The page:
Newcomers Show They Belong at SEC Media Days

HOOVER, Ala. – Mike Slive nailed it. The Southeastern Conference commissioner opened the conference's media days on Tuesday afternoon by welcoming the two new additions—Missouri and Texas A&M—with a quick statement. "They fit." It's all he needed to say about the two programs before players and coaches from the schools spent Tuesday at The Wynfrey Hotel proving exactly what Slive said. They fit.

They were two words that escaped Slive's mouth as a firm reassurance of what he believed all along. The two programs fit the culture and the athletic prominence that he wanted to join the SEC.

And they fit right into the groove, if there ever really is one, at an event like SEC Media Days that can turn the second floor of The Wynfrey Hotel into a zoo. The 1,115 credentialed media members file into a massive room with rows of tables and chairs as far as you can see.

Then there are separate rooms for television stations, including ones that will broadcast games in the fall.

In all of the Texas Pete, Golden Flake and Dr. Pepper lining the hall of the hotel, Missouri and Texas A&M fit.

"In our storied nearly 80-year history, Texas A&M and Missouri are only the third and fourth new members of the conference," Slive said in his opening press conference at the event. "Both are outstanding academic institutions and members of the American Association of Universities.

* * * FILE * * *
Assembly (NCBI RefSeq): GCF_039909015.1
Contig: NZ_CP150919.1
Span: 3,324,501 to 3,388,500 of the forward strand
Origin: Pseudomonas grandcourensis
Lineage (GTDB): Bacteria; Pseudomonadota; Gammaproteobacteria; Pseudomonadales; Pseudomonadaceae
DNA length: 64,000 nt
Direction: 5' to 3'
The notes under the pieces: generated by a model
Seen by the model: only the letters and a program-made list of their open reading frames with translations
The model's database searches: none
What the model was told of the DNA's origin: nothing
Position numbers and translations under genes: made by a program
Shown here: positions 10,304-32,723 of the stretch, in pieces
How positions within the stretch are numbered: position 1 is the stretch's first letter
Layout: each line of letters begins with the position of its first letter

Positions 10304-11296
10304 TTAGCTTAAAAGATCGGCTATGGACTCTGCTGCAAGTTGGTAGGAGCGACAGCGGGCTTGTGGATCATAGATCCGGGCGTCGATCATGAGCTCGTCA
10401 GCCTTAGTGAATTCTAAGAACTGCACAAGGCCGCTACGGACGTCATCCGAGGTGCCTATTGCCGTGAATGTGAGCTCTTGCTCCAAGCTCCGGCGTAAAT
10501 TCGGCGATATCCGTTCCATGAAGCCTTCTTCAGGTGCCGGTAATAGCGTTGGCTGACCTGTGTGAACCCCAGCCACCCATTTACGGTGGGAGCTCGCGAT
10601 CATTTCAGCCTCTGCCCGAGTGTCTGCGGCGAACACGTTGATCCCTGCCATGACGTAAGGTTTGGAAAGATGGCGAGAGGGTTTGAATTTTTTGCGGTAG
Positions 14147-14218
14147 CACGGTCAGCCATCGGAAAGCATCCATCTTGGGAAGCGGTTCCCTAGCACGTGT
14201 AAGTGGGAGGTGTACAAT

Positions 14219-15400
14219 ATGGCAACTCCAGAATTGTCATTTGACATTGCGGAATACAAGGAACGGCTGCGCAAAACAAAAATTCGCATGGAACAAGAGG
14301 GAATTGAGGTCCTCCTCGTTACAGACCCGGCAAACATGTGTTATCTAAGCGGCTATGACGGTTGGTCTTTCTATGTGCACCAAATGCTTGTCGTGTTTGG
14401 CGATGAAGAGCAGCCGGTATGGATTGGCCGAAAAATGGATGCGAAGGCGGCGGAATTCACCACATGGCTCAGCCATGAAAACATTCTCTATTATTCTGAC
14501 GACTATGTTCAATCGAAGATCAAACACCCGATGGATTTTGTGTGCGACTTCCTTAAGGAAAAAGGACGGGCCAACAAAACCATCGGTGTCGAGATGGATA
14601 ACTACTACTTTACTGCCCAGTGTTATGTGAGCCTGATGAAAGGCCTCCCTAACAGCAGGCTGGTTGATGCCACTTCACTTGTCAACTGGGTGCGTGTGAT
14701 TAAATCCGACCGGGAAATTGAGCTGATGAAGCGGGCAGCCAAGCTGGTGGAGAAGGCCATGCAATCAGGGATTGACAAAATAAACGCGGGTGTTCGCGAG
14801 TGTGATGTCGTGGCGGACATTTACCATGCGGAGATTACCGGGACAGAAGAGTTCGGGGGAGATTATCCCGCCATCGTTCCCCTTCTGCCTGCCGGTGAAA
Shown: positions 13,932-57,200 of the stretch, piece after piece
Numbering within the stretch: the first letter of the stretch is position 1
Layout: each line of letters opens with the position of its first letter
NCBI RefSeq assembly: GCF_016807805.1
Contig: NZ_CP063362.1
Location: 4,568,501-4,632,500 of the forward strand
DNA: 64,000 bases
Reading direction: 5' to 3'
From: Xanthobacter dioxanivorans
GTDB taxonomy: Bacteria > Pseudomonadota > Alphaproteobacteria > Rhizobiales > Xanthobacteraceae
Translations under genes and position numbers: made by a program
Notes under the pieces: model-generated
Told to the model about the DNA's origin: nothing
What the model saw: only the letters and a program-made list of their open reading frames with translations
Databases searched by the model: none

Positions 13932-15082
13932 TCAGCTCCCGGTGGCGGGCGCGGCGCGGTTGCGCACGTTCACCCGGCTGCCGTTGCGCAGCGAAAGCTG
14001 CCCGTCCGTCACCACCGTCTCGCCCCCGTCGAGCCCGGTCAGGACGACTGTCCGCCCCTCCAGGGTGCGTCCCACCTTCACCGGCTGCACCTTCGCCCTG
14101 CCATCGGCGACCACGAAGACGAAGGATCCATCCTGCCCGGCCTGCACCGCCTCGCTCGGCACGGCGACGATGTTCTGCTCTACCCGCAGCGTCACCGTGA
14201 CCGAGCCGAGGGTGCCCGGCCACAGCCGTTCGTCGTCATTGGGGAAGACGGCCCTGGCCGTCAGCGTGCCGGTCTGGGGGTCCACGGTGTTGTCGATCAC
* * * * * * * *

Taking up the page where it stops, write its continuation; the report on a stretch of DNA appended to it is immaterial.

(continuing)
"They support exceptional broad-based athletic programs with passionate fans and wonderful traditions. We welcome them into the conference family."

As players and the two coaches from both programs filed to the podium, it felt normal. It was natural. It was like both programs have been a part of the SEC for years.

They fit.

Texas A&M head coach Kevin Sumlin strolled on the stage with more than 20 video cameras at the foot of the podium, filming his every move. He gazed around the room, flashed a slight smile as he soaked it in and stepped to the microphone.

What followed was 40 minutes that mirrored a conversation with a friend. The big stage seemed like home to Sumlin. Halfway through him fielding questions, one of the media members just had to know if this was routine.

"Are you always this laid back?" a reporter asked, the sound booming off the walls of the massive meeting room at The Wynfrey Hotel.

A subtle laughter broke out across the room, but the thought was in everyone's mind.

"It's summertime, and we're undefeated at this point, so you might catch me later with a different attitude," Sumlin said with a smirk and a laugh.

The move to the SEC is already producing benefits for Texas A&M. In his first year as head coach, Sumlin is the cornerstone of a push to make the Aggies' brand something that isn't just noticed throughout the Lone Star State.

It has produced visits and interest from out of state recruits that Sumlin didn't remember being the case during his previous time in College Station as the offensive coordinator from 2001-02.